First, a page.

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  • Writer's pictureMichael Cundall Jr.

Down with Deliverables

Anyone and everyone has deliverables. School doesn’t call the assignments or grades deliverables, but they surely are. Ask any college student if they stress about deadlines. They surely do. I have deliverables in my job. I have to update my social media and try and post regular blogs as well as do all the other things an entrepreneur needs to create market space. And largely I don’t complain. But many of us feel the weight of these deliverables and more often it's subtle and slow growing. They increase anxiety and distress. They can become anchors that prevent us from enjoying our work: from being creative. That’s why I am here to invite everyone to take a break from deliverables. Skip the action plan, or the post-meeting review. Take a break from your To-Do Lists, or its mutant relative the bullet journal. It’s not as if the deliverables won’t be there. Those to-do list aren’t going anywhere. But when our organizational lives become all about deliverables, then something is deeply wrong. And I think we can agree that something is amiss.

The downside of deliverables may not be exactly clear. I mean their existence does help us focus and without them, some of the committee work that I am a part of, would not get done. I bullet journal and like it. But too often anymore, our entire life centers around and is driven by deliverables. Have I got that report ready to go? Are the kids’ schedules ready? Are they ready for school? Are they doing their homework? (Yes, I am a parent if you can't tell.) Have I got my tax documents aligned? Is that long-term project alive and well and proceeding to pace? Do I have the dish ready for the next party? Are there dishes still in the sink? And there is plenty of money being made on helping us do more and deliver more. If that’s the case, if that’s how you’re feeling, then you need a day off from deliverables. Preferably a couple and not just the weekend. But there’s a simple antidote to all this. There’s a way you can play your way around those deliverables: humor.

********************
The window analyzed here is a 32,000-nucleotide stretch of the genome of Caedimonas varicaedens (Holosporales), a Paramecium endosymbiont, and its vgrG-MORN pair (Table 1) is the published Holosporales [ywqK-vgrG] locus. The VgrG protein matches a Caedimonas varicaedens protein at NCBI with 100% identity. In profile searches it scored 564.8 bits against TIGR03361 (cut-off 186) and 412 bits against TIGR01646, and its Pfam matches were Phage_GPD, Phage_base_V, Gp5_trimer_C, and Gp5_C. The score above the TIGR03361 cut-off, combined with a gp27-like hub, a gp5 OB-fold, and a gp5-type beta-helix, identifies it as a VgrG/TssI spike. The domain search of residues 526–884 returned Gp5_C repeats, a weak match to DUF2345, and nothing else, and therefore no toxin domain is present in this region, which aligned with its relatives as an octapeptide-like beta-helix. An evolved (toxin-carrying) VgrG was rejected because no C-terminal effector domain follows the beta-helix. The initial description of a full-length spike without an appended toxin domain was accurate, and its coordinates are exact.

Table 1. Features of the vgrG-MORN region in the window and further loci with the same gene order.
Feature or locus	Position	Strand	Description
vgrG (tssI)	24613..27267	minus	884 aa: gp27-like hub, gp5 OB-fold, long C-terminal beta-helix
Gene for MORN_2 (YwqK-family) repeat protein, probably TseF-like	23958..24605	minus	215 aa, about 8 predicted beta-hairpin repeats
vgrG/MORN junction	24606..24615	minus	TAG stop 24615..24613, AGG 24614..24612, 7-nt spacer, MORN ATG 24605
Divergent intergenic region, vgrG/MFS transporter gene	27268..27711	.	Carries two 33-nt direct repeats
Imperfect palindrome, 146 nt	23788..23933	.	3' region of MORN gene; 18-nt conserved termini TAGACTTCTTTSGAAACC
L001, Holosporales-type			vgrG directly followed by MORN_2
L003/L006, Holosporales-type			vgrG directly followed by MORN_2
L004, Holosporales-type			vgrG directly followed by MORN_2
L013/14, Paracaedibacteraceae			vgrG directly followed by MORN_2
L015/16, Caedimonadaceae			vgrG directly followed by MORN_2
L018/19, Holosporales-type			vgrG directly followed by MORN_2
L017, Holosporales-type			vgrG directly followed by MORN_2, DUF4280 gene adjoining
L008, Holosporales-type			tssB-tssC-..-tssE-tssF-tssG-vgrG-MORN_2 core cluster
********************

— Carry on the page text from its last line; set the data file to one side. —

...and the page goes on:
Surely the answer doesn’t surprise you. This is a blog from a person who is a bona fide humor apologist. And it’s not that I love humor because I was the class clown. I was. But what I learned from being a clown is that humor provides moments of levity, of non-deliverable aimed activity that makes those deliverables feel less stressful. Humor, laughter, mirth, and play all work together to help us see that there is more to life than our work goals. But they also make reaching those goals more enjoyable. And who can gripe about that?! Our work is there to help us survive and thrive and to bring meaning to our lives. I love talking to people about humor. I love teaching philosophy. I also love crossing off the last item on the To-Do List. But without moments of levity and laughter, all the attendant acts that go along with my job (I’m looking at you grading), become heavier. If you’re dropping that last deliverable without some feeling of accomplishment, and you’re more feeling relief with a worry as to what’s to come, then you need some humor and laughs. There are ways to fold humor into your life in more effective ways, I’ve posted on some them before. So before you get to writing “find some humor” on that to-do list, go out and find some laughs—enjoy some humor. You’ll like the way you laugh. I guarantee it.

So what are some of the easy things you can do to improve your levity quotient? One thing you could do is instead of writing that to-do list, you could write a “have-done” list. It’s nice to look back on what you’ve done and remind yourself just how far you’ve come. Keep some googly eyes handy and some other sort of “decoration” you can use that you find funny. But most important, set it as a to-do list item, to find some humor in the day. Use the tools of your deliverable oppressor against them and see what that gets you.

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